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Blue Earth Group

Fishermans Bend's first project breaks ground

Amidst the ongoing political kick-to-kick over the handling of Fishermans Bend, a new era has begun as the Urban Renewal Area's first project has officially commenced construction. Developer Blue Earth Group's Gravity Tower now sees head contractor Hamilton Marino in charge of the project which fronts Montague Street and Gladstone Street. Geotechnical Engineering has been engaged as a specialist subcontractor, going about delivering foundation...

Gravity Tower poised to become Fishermans Bend's first build

Could this be Fishermans Bend's first tower to reach construction? A planning application first highlighted on Urban Melbourne during August 2013 looks likely to take the title of Fishermans Bend's first project to become reality. 91 Montague Street , now better known as Gravity Tower @ 89 Gladstone Street is the latest project to be delivered by assiduous Melbourne-based developer Blue Earth Group. In line with Blue Earth Group's business plan...

Back from the dead

When was the last time a sizable apartment project began construction, only to fall over and remain dormant? It certainly doesn't happen that often, particularly now given current market conditions and a buying/sales frenzy over any viable piece of land throughout inner Melbourne. I'm sure there have been plenty before, but for the life of me I can't recall any bar one: 392 St Georges Road, Fitzroy North. Taken at the turn of 2012, the lead...
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Development & Planning

Wednesday, August 23, 2017 - 07:00
Hawthorn's Queens Avenue is emerging as an apartment hot spot of sorts, as developers realise the worth of converting the light industrial and commercial strip into a higher density apartment enclave. Running parallel to Burwood Road, Queens Avenue now has six apartment developments in progress.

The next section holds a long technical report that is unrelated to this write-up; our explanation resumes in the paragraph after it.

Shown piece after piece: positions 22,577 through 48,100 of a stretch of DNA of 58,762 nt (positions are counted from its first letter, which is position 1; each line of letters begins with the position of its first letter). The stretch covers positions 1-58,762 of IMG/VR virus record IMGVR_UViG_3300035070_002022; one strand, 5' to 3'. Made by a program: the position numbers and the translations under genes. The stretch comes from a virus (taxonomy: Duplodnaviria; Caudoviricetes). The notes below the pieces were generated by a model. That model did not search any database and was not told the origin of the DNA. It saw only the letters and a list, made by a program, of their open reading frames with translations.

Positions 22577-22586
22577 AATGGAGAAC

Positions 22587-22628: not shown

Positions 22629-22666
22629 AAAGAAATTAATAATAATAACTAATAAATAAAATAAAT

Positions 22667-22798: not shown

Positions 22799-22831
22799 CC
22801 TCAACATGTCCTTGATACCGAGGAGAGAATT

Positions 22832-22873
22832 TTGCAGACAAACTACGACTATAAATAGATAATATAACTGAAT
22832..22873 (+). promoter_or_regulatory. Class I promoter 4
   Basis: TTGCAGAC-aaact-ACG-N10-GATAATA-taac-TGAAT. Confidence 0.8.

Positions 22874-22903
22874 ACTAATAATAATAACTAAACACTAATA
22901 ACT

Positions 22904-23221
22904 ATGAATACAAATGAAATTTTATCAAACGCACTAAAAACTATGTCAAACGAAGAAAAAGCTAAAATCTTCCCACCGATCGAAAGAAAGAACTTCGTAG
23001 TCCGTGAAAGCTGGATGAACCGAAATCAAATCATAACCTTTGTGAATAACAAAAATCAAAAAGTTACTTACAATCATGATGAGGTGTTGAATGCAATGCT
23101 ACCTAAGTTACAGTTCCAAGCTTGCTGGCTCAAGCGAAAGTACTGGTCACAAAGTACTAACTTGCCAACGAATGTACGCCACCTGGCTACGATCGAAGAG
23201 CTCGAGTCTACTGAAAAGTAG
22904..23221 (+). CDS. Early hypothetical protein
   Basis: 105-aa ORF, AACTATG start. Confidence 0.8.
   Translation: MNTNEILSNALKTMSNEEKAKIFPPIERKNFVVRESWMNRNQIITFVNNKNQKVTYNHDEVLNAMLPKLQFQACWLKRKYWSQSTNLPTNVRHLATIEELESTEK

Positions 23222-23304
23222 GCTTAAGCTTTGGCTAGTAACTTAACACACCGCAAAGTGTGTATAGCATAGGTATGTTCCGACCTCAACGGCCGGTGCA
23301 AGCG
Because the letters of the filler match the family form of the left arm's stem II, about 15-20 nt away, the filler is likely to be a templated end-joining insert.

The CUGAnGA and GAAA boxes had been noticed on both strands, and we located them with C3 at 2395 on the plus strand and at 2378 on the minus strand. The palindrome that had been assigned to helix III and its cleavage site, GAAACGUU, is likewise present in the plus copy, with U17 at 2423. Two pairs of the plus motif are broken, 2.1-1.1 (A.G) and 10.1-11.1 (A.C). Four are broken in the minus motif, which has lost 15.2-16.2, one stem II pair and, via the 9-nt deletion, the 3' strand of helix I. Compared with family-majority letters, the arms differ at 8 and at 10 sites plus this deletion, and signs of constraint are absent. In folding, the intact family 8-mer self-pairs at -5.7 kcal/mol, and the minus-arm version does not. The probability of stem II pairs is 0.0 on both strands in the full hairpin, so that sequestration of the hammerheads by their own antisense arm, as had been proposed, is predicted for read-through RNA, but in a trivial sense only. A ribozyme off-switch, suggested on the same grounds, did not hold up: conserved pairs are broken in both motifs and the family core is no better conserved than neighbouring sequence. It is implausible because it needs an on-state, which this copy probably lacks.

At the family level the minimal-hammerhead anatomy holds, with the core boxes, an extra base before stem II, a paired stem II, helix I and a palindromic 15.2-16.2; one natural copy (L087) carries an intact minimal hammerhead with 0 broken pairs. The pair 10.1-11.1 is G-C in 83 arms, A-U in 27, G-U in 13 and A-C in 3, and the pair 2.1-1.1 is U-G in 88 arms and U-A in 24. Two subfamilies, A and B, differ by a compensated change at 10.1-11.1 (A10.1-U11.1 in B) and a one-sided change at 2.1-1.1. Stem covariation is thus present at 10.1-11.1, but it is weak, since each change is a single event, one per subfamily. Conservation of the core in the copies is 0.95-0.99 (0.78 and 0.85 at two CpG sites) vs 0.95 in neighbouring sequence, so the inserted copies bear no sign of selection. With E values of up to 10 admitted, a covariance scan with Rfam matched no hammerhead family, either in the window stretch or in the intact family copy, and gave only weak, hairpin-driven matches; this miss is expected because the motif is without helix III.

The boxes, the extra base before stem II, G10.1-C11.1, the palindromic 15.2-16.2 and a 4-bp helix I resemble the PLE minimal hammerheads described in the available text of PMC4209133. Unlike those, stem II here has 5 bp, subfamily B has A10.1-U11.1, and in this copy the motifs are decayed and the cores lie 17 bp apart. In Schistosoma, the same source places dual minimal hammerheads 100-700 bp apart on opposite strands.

Policy, Culture & Opinion

Wednesday, August 9, 2017 - 12:00
Carolyn Whitzman , University of Melbourne Liveability is an increasingly important goal of Australian planning policy. And creating cities where residents can get to most of the services they need within 20 to 30 minutes has been proposed, at both federal and state level, as a key liveability-related mechanism.

Visual Melbourne

Thursday, August 10, 2017 - 12:00
Part Three follows on from the Part One: Yarra's Edge and Part Two: Victoria Harbour. The focus of today's piece will be NewQuay and Harbour Town, the northern most precincts within Docklands. NewQuay NewQuay was the first precinct to open way back in 2003 and has probably evolved the most.

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Transport & Design

Wednesday, August 23, 2017 - 12:00
The Victorian Government has announced the winning bidders in the tender to power Melbourne's tram network by renewable energy. At the same time, the Victorian Government has announced plans to legislate the Victorian Renewable Energy Target (VRET) ensuring that by 2020, 25% of Victoria's energy will come from renewable sources and the target rises to 40% by 2025.

Sustainability & Environment

Monday, August 21, 2017 - 12:00
The notion of Melbourne becoming a 20-minute City has been explored heavily in recent times. Seeking to provide Melburnians with the ability to 'live locally', the 20-minute City, in essence, strives to provide people with the ability to meet most of their everyday needs within a 20-minute walk, cycle or local public transport trip of their home.